Former Air Traffic Controller Robin Hordon speaks out on 9/11, NORAD and what should have happened on 9/11.
This interview by Jeremy Baker is one of the most important articles I've read about 9/11.
If ever there was a "Ground Zero" for the investigation of what happened on 9/11 it has to be the first fifteen minutes after the flights were discovered to have been hijacked.
If we learn the truth about what happened in those first fifteen minutes everything else will fall into place.
Within three hours of the attacks on the World Trade Center and Pentagon, Robin Hordon knew it was an inside job. He had been an Air Traffic Controller (ATC) for eleven years before Reagan fired him and hundreds of his colleagues after they went on strike in the eighties. Having handled in-flight emergencies and two actual hijackings in his career, he is well qualified to comment on what NORAD should have been able to achieve in its response to the near simultaneous hijacking of four domestic passenger carriers on the morning of September 11th, 2001.
“There had to be something huge to explain why those aircraft weren’t shot down out of the sky. We have fighters on the ready to handle these situations twenty-four-seven. We have NORAD (North American Aerospace Defense Command) monitors monitoring our skies twenty-four-seven. We have a lot of human beings, civilian and military, who care about doing their jobs.”
I spoke to Mr. Hordon one afternoon at a coffee shop in Bremerton, Washington.
“You have to understand the emotions, the duty, the job of an ATC. We are paid to watch aircraft go across the country.”
It’s clear that Hordon is passionate about the subject. A lot of people are. The dark questions that the attacks have left lingering in the national psyche have been recorded. 49% of New Yorkers believe that the government had something to do with 9/11. Following an interview with Charlie Sheen, a CNN poll revealed that 82% of respondents believed that there was “a government cover-up of 9/11.” Jay Leno asked Bill Maher on The Tonight Show about the fact that 37% of Americans (according to Scribbs-Howard) believe that the government was involved in some way with the attacks (Maher was definitely not one of them).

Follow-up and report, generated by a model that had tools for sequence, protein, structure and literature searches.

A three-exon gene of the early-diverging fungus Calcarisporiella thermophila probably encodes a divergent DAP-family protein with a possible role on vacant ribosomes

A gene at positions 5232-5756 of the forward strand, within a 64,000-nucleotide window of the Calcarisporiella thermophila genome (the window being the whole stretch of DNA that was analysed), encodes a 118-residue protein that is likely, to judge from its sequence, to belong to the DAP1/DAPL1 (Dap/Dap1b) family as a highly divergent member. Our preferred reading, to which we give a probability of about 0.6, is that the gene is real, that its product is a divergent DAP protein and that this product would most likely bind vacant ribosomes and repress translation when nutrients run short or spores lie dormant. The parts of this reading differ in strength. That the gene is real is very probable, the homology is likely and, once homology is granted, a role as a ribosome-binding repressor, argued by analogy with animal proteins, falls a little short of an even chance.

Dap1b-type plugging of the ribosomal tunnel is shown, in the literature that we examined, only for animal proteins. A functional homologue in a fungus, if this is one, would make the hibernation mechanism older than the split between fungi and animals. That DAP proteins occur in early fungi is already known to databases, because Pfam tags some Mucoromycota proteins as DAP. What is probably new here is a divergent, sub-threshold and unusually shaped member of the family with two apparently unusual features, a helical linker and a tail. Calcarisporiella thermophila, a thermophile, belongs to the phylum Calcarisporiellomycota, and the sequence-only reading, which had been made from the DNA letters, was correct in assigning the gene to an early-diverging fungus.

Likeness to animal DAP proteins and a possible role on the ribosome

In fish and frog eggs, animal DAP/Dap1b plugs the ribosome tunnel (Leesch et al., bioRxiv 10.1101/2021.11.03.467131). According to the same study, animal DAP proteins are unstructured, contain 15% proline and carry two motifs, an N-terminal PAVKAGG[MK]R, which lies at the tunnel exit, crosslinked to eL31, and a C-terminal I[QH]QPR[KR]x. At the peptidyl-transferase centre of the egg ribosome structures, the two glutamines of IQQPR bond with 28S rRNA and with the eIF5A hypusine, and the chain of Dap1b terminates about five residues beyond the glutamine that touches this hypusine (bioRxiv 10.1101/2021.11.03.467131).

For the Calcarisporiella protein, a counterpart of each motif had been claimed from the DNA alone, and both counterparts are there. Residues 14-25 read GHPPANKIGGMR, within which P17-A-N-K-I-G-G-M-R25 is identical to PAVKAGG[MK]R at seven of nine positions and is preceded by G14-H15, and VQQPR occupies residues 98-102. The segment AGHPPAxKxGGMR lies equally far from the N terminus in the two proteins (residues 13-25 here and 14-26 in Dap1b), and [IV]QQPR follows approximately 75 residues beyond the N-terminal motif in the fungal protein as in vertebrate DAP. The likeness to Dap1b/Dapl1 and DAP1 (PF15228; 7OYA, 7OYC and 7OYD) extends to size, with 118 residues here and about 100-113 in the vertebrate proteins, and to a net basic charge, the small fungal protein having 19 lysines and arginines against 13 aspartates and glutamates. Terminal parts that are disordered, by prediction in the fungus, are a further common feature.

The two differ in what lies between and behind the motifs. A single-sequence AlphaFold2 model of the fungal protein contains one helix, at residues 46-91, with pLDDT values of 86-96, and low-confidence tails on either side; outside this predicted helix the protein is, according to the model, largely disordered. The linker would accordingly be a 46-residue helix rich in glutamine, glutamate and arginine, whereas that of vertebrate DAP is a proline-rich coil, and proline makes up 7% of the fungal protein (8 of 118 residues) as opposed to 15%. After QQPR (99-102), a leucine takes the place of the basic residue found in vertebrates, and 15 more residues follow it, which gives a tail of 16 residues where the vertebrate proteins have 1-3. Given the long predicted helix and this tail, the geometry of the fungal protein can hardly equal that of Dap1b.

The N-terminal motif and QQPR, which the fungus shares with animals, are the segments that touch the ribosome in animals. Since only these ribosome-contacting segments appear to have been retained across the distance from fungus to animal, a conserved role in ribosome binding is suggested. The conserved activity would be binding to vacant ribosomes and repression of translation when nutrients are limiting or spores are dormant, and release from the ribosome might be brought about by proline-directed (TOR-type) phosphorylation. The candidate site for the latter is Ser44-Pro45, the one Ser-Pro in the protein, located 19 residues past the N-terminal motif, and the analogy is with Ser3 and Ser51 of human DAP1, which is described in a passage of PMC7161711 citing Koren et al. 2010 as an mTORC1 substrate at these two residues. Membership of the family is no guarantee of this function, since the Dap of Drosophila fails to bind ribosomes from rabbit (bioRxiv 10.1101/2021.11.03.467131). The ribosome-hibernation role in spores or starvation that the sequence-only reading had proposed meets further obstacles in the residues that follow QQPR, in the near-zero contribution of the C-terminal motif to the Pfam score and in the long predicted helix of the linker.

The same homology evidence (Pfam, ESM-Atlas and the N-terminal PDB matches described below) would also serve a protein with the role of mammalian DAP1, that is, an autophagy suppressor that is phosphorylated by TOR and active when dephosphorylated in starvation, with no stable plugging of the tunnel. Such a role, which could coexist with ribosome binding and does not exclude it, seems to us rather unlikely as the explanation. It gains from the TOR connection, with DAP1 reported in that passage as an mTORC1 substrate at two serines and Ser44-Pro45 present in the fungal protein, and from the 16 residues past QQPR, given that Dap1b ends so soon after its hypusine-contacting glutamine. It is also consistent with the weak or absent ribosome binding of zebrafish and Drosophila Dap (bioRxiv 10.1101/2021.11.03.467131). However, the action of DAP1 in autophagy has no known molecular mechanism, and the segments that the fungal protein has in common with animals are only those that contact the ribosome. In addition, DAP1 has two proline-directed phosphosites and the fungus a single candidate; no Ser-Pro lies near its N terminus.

As far as the “emotions, the duty, the job” of an ATC is concerned, Hordon puts it this way:
“Imagine yourself at a circus, a fair, a crowded sports event. You have in your hand your little child of five or six, you’re amongst hundreds of people and you turn around and see that your child is gone. How do you feel at that moment? You feel panicked. You feel that this is the worst thing possible, so what you do is you engage. When ATCs lose an aircraft, all hell breaks loose. They flip right into motion. We take action and do not wait for other things to happen.”
As a former member of the FAA (Federal Aviation Administration) and PATCO (Professional Air Traffic Controllers Organization), Hordon’s years as an ATC are particularly relevent to 9/11 researchers.
“I was a certified ATC in Boston west-bound departures, the routing that AA11 and UA175 followed on 9/11. I know it like the back of my hand.”
He even received a letter of commendation for his role in dealing with an actual hijacking. When it became clear that there hadn’t been a systems failure of any kind on the morning of September 11th, Hordon was certain that something had gone terribly wrong within the upper echelons of authority. A pilot (third level air carrier) as well as an ATC, he is well versed on in-flight emergency protocol. He is also adamant that if these procedures had been followed on 9/11 not one of the hijacked planes would have reached their targets.